On June 24, 2022, the Supreme Court of the United States, in a 6-3 decision, sided with Thomas E. Dobbs and the Mississippi Department of Health against Jackson Women’s Health Organization on the issue of the state’s right to ban abortions after 15 weeks gestation. In essence, this struck down all previous SCOTUS rulings relating to the legality of abortion and placed future decisions on the issue in the hands of individual states. Even some so-called “pro-choice” proponents saw this as - if only from a legal standpoint - the correct decision.
Last Friday in Washington, D.C., thousands of people gathered for the annual National March for Life. Young marchers held banners and signs declaring “We Are the Post-Roe Generation” as the focus in the pro-life movement has shifted from overturning Roe to fighting for pro-life laws in state legislatures where the hot potato of the abortion debate has been thrown.
Before looking ahead to what that battle might look like in each state - places like Ohio will undoubtedly be different from states like California - it is theologically quite interesting to look back to the Dobbs decision and peer at it through the lens of the Church’s liturgical calendar.
On that fateful day in June, the Church celebrated two important feasts: the Solemnity of the Nativity of St. John the Baptist and the Solemnity of the Most Sacred Heart of Jesus. The former is always commemorated on the 24th, while the latter is a movable feast. This means the Solemnity of the Most Sacred Heart of Jesus changes dates each year to fall in line with other feasts whose dates depend on the celebration of Easter. Therefore, the chance of these two solemnities sharing the same day is rare, so their pairing on June 24, 2022, seems less a coincidence and more a reminder from heaven.
The feast of the birth of John is quite unique as he is the only saint - other than Jesus and Mary - to have his birth commemorated in the Church calendar. Only these three were born without Original Sin, and thus their entrance into this world came after the bestowal of supernatural grace. Only Jesus, Mary, and John the Baptist were already members of the divine and supernatural community at the time of their births. Neither Jesus nor Mary were conceived with Original Sin. And John the Baptist was cleansed when he leapt in the womb of Elizabeth at the entrance of Mary’s home while she was pregnant with Jesus, on the feast known as The Visitation.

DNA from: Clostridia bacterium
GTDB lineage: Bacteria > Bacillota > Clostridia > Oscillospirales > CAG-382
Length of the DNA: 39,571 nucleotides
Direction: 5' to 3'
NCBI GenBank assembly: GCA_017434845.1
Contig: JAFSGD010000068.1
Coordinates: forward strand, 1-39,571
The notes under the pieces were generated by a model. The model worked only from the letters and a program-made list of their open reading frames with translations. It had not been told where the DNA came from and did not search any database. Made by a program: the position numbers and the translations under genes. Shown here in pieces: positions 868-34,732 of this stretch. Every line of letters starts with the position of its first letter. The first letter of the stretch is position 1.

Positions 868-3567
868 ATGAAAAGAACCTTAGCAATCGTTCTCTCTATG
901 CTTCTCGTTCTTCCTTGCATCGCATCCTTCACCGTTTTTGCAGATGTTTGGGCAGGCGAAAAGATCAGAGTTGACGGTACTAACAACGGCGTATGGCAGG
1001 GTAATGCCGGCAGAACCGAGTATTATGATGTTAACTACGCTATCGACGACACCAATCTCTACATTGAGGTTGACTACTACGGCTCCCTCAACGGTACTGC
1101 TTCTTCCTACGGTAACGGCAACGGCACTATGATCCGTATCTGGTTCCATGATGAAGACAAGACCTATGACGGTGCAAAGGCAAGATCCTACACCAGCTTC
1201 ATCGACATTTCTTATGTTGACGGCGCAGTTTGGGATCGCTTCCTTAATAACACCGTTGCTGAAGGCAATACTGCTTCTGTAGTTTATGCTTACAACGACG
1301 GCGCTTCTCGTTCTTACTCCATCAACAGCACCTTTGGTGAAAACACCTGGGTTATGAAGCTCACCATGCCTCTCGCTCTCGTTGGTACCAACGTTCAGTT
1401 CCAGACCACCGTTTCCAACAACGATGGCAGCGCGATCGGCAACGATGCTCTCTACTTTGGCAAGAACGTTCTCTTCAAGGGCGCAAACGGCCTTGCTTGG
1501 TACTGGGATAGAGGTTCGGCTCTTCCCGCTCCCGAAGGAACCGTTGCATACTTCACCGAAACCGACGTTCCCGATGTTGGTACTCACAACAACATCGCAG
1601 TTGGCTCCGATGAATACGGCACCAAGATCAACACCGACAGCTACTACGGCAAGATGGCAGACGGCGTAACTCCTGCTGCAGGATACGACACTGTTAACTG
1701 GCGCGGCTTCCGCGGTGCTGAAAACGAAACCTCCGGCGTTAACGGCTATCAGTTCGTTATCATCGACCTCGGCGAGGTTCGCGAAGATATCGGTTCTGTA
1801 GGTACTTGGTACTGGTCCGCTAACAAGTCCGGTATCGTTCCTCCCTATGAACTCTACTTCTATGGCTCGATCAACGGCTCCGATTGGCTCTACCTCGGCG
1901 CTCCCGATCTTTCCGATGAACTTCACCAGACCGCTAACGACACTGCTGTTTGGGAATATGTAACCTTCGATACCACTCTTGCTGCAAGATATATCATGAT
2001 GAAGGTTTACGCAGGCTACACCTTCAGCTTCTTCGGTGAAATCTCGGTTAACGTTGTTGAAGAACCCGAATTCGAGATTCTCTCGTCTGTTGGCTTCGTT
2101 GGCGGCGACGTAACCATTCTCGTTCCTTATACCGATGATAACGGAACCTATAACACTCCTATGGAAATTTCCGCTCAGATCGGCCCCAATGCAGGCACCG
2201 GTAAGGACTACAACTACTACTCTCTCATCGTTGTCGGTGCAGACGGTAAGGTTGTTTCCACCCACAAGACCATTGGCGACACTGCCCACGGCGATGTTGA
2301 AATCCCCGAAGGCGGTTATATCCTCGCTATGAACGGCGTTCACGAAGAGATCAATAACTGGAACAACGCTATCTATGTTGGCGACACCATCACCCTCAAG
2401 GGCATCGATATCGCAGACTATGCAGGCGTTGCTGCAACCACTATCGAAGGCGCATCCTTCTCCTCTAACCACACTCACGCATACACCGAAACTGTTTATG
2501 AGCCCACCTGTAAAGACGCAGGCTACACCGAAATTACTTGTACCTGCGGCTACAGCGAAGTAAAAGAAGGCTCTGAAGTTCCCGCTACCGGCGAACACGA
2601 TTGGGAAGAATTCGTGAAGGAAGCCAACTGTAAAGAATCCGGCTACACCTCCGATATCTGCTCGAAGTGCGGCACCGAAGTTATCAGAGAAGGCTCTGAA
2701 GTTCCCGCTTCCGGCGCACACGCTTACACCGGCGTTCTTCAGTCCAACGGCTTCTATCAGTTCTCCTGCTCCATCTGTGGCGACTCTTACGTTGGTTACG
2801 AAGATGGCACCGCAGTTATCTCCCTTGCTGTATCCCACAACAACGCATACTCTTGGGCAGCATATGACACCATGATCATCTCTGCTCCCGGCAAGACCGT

John was still three months away from his birth when Mary (and Jesus) came to visit and was certainly not considered “viable” by anyone, especially those involved with helping during births. Today, even after the fall of Roe, Elizabeth could procure an abortion of her “unviable” son in most states, and in seven of those states, she could have her son killed up to the day of his birth. So in some evil parallel world, June 24 could commemorate the death rather than the birth of John.
But back in this world, at the Rally for Life, many in the post-Roe generation held heart-shaped signs bearing artwork depicting a pregnant mother with her hands cradling the baby in her womb. Emblazoned on these signs was the phrase “Love Them Both.”
And who are “them both”?
They are Mary and Jesus, they are Elizabeth and John, they are each and every woman who carries life within her womb. Mary was pregnant in a circumstance that could have gotten her stoned to death, and Elizabeth was old and assumed to be barren. Neither of these were ideal pregnancies, and, to be honest, very few pregnancies are. But each pregnancy was an opportunity to love: to love the mother, to love the child, and to see them both as essential to the loving plan of God.
The Feast of the Sacred Heart of Jesus reminds us of what was so beautifully expressed in The Little Prince: “it is only through the heart that one can see rightly.” Seeing rightly helps us to focus on the call to love them both. But we also need the story of John in the womb of Elizabeth and the visit of Mary with Jesus in her womb to focus on the call to love them both. For in that event we complete the quote from St. Exupery’s classic tale: “what is essential is invisible to the eye.”